New norms for the pope’s renunciation?
Boni points out that “these are issues that the authoritative canonist knows: In December 2021, we were both speakers at a relevant Italian conference in which the renunciation was also discussed from the point of view of canon law, and which took place in L’Aquila.”
On that occasion, she said, “Father Ghirlanda also admitted the opportunity of canonical legislation for the case of total mental illness of the pope or a pope kept alive with drugs and technological equipment, exactly as proposed by the group I belong to.”
The research project on pope emeritus and the impeded seat proceeds through the discussion of scholars.
Boni remembers that the National Conference of the Italian Association of Italian scholars of canon and ecclesiastical law (ADEC), which will take place in Turin starting on Oct. 5, 2022, will reflect on proposals and other contribution that juridical science can bring to the formation of the laws of the Church.
As regards a possible reform project of the vacant see or the norms of the conclave, Boni stresses that “adjustments are urgently needed concerning Praedicate Evangelium and its effects on the Roman Curia. Unquestionably, the legislation of the election of the pope is attributable to human law and has been rewritten by the canonical legislator over the centuries through numerous interventions, which gradually took into account the needs and emerging problems.”
For this reason, she does not exclude that “Pope Francis, like his predecessors, could launch a reform of the conclave. However, as can be guessed, it is a very sensitive and delicate matter, which requires extreme caution.”
The role of pope emeritus
Among the hypotheses circulated but not confirmed, Boni firmly excludes the possibility that a pope emeritus could participate in the general congregations. A retired pope could also not be involved in the preparation of the conclave, she said.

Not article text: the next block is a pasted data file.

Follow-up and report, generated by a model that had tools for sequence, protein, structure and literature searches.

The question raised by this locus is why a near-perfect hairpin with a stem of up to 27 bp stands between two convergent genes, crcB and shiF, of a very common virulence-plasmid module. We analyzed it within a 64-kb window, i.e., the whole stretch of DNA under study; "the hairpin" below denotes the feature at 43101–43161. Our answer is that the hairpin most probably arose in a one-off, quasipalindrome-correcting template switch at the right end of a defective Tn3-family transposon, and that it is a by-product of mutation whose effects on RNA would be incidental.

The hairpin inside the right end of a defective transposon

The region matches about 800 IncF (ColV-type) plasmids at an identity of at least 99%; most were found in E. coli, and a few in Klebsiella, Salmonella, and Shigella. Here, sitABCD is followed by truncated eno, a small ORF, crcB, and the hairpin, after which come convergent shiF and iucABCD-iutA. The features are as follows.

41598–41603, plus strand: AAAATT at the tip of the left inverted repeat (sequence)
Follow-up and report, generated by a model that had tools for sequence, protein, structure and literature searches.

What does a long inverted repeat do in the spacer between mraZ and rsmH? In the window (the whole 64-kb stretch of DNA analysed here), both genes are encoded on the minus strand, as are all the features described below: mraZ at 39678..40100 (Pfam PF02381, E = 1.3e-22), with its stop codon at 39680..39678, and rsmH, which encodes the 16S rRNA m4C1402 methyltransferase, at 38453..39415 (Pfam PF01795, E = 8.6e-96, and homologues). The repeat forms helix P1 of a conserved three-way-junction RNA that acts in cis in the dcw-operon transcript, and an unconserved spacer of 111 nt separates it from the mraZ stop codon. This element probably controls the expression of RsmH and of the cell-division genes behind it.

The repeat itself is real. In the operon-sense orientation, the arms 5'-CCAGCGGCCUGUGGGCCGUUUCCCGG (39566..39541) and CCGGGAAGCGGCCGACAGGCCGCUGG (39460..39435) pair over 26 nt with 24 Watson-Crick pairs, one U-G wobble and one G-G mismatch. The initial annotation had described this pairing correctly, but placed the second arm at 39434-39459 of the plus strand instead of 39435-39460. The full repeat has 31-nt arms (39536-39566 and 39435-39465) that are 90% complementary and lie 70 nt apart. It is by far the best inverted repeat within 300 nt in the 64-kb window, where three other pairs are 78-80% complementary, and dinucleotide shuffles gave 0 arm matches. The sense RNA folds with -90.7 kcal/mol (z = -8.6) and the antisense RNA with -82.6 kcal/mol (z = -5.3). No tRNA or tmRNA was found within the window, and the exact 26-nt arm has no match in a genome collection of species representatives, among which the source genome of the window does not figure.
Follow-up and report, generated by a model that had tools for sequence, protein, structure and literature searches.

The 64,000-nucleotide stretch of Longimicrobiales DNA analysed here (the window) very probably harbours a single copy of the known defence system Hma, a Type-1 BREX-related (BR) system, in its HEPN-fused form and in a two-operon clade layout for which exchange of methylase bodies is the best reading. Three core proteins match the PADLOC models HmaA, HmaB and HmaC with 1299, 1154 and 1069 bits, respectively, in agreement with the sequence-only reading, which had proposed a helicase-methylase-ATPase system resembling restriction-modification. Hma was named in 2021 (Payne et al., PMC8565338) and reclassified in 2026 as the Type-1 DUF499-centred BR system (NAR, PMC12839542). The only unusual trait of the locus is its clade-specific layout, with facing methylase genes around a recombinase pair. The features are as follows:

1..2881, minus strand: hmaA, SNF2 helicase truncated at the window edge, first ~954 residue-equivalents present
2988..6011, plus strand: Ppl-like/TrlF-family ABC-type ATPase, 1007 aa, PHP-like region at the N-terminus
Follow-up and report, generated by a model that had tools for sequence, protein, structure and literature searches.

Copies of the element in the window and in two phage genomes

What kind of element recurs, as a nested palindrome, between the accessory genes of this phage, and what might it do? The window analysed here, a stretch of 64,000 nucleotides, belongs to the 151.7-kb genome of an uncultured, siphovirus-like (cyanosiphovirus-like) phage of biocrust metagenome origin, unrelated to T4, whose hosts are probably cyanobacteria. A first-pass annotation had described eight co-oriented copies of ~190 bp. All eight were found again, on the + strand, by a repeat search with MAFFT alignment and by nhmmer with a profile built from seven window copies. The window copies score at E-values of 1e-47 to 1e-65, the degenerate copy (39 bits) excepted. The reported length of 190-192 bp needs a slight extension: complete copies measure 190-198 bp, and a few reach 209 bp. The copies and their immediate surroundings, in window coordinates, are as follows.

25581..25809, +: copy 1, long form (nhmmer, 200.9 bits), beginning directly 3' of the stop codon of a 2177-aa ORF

“The presence of popes emeritus in ‘proximity’ to the conclave or any case in contact with the electors could damage and seriously compromise the freedom of choice on the part of the cardinals; even the mere suspicion of interference should be avoided,” Boni said.
Boni stressed that “guaranteeing such freedom from external pressures, but also only from undue suggestions, has always been a constant concern of the canonical legislator.” Benedict, she noted, confirmed this approach by remaining “rigorously extraneous to the conclave for the election of his successor.”
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The pre-conclave meetings
Another theme is that of a reform of the General Congregations, the pre-conclave meetings. There are rumors of that, too, but nothing is confirmed.
In principle, “the elimination of the General Congregations would imply the exclusion from the crucial confrontations that precede the choice of the new pope of cardinals over 80, who, as is well known, no longer enjoy the right to vote for the successor of Peter.”
She added that “this last norm, introduced by Paul VI with the motu proprio Ingravescentem aetatem of 1970, was, among other reasons, an expression of the desire to cut off from the election of the Roman Pontiff those elderly cardinals, formed before Vatican II — also with the preference expressed to a candidate linked to the pre-conciliar mentality — who could have hindered the implementation of the novelties of this Council.”
However, she opined, “this reason no longer exists. Indeed, many of the cardinals who have passed that age threshold have fully experienced the ‘effervescent’ season of the ’60s and ’70s of the last century and are certainly not conservatives.”
For this, Boni suggests abrogating the norm of non-participation in the conclave and finds it “unjustified” that they can also be excluded from the general congregations.